At his 85th birthday in February 2006.
In the early hours of the morning of 7 December Yogyakarta time, Indonesia's greatest historian of the twentieth century, Professor Dr Aloysius Sartono Kartodirdjo, died at the age of 86. Fifty years after the defining Indonesian National History Conference (which he attended a year after he graduated from his first degree), another of the writers who defined history for two generations of Indonesians has died.
Although he was almost totally blind by the late 1980s, Sartono's teaching and commentary continued to influence Indonesian history up until the present day. I saw him in action at the 1994 National History Conference at Udayana University in Bali. Seeing this old, frail man being led in, I did not expect much. But his session proved to be one of the most astonishing of any Indonesian conference. Sartono gave a brilliant analysis of the lack of a concept of 'heritage' in Indonesia, and the need for a national heritage body, and his discussion showed that he was as sharp as ever. However, it was in the question-and-answer session that the conference really came alive.
This was in the period of Suharto's proclaimed 'openness', but most Indonesian academics, cowered by years of intimidation and spying on campus, were too scared to raise political matters. Some of the more daring students began to ask Sartono about his education, and at first I wasn't sure where this was leading. Sartono had been a student of Harry Benda at Yale, and then studied under WF Wertheim in Amsterdam. The questions amounted to asking him whether he followed Wertheim's theory of the 1965 coup (never explicitly stated at the meeting, but everyone knew that this was the theory that the coup was all Suharto's doing). Sartono made a very skilful answer about having more than one 'guru', meaning that he wasn't tied to the ideas of Wertheim, but he never directly denied the suggestion that Wertheim's theory might be true.
He was then asked why the last volume of the National History had never appeared. Some of his panel co-members (from the University of Indonesia) prevaricated, too scared to discuss the problems directly, but Sartono was very firm in saying that he refused to allow this final volume to be published because the military were trying to force their interpretations on him. Sartono had been drafted into the team to write the National History, but refused to produce a pro-New Order account of the 1965 coup. If I remember rightly, this was just before the press bans, but people understood that there were penalties for being too outspoken. Sartono would have been aware that some members of the audience (including members of the history department at the host university) were military appointees who had little talent except for enforcing New Order ideology. My strongest memory of that conference was the formidable intellect of Sartono, who outshone all his colleagues.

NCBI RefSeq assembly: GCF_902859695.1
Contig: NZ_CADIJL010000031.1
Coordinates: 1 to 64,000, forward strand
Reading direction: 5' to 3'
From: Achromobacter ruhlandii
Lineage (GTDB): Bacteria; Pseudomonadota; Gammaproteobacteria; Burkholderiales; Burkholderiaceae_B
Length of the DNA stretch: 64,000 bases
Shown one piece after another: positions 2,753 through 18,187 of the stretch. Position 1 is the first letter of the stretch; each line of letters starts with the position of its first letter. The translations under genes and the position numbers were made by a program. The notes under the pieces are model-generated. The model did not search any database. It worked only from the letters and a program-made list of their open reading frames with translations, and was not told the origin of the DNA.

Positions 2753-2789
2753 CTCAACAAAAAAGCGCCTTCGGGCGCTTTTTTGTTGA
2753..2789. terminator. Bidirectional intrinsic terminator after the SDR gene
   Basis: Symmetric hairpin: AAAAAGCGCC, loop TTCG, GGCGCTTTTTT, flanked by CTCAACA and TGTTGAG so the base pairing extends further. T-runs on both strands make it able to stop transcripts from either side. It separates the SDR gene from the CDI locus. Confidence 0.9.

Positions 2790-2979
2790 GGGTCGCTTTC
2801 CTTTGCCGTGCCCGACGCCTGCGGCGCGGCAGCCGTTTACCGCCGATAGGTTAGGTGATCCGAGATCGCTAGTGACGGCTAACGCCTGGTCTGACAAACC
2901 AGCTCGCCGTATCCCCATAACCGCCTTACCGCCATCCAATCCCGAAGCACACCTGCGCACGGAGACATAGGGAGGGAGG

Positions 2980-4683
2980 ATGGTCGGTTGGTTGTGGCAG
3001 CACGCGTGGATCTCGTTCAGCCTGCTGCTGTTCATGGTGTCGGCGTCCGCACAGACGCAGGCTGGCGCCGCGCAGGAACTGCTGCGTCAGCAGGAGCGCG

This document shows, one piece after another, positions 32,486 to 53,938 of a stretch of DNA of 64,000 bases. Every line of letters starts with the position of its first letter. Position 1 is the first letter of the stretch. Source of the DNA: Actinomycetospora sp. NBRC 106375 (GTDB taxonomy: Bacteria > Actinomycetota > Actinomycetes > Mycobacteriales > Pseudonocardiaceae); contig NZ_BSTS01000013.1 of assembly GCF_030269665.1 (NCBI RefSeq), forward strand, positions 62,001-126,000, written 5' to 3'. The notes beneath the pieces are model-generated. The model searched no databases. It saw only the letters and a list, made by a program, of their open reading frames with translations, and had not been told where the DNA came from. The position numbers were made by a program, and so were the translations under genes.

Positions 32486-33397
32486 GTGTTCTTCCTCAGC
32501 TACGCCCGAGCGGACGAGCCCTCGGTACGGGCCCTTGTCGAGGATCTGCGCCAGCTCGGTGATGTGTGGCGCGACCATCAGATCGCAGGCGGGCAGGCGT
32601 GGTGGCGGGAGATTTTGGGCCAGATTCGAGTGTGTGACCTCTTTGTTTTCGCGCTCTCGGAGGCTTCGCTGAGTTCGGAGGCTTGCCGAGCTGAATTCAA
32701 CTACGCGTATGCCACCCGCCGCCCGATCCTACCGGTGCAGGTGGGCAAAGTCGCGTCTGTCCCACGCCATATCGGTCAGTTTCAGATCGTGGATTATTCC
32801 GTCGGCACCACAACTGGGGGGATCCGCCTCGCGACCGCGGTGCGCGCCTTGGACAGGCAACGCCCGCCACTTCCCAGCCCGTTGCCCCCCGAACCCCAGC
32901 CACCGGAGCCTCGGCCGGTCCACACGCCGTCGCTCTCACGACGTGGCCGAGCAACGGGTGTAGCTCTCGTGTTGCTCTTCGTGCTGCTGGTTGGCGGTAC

Since Sartono was a student of Benda's, it was appropriate that his early work, especially his brilliant book, The Peasants' Revolt of Banten in 1888, meant that he was the first to be awarded the Benda Prize in Southeast Asian Studies in 1977. The Peasants' Revolt was a work of 'Subaltern Studies' written long before Indian academics invented the genre. Here, and in all his writing, Sartono rejected the colonial point of view, and employed concepts of social and cultural analysis to examine history at the grass-roots level. Sartono was single-handedly responsible for the dominance of social history as the main mode of analysis in Indonesian history departments, although this has been something of a mixed legacy, since many of those who followed him have produced works that lack the political bite of the master’s writing.
Sartono's works on historiography, as well as his many other books, have been key texts in all Indonesian universities. And it is thanks to him that Gadjah Mada University became the pre-eminent university for history writing, while its main competitor, the University of Indonesia, remained under a cloud of being too pro-Suharto. His work presented a complex picture of Indonesian society that challenged simplistic nationalism and ran counter to the New Order's idea of a docile population kept in check by a small military leadership. It is in writings such as Sartono's that we find the continuation of democracy in Indonesia despite the decades of authoritarianism.
Such has been the magnitude of Sartono's contribution that it has been difficult for younger Indonesian historians to escape from his shadow. More recently Bambang Purwanto of Gadjah Mada University has led what is best termed a 'loyal opposition', a move towards a new paradigm of history writing that takes Sartono's work as a point of departure. The majority of the hundreds of new Indonesian books on social history coming out in Indonesia work within the paradigm created by Sartono, proving that his work will endure through the twenty-first century. ii
Adrian Vickers (email@example.com ) teaches Southeast Asian Studies at the University of Sydney.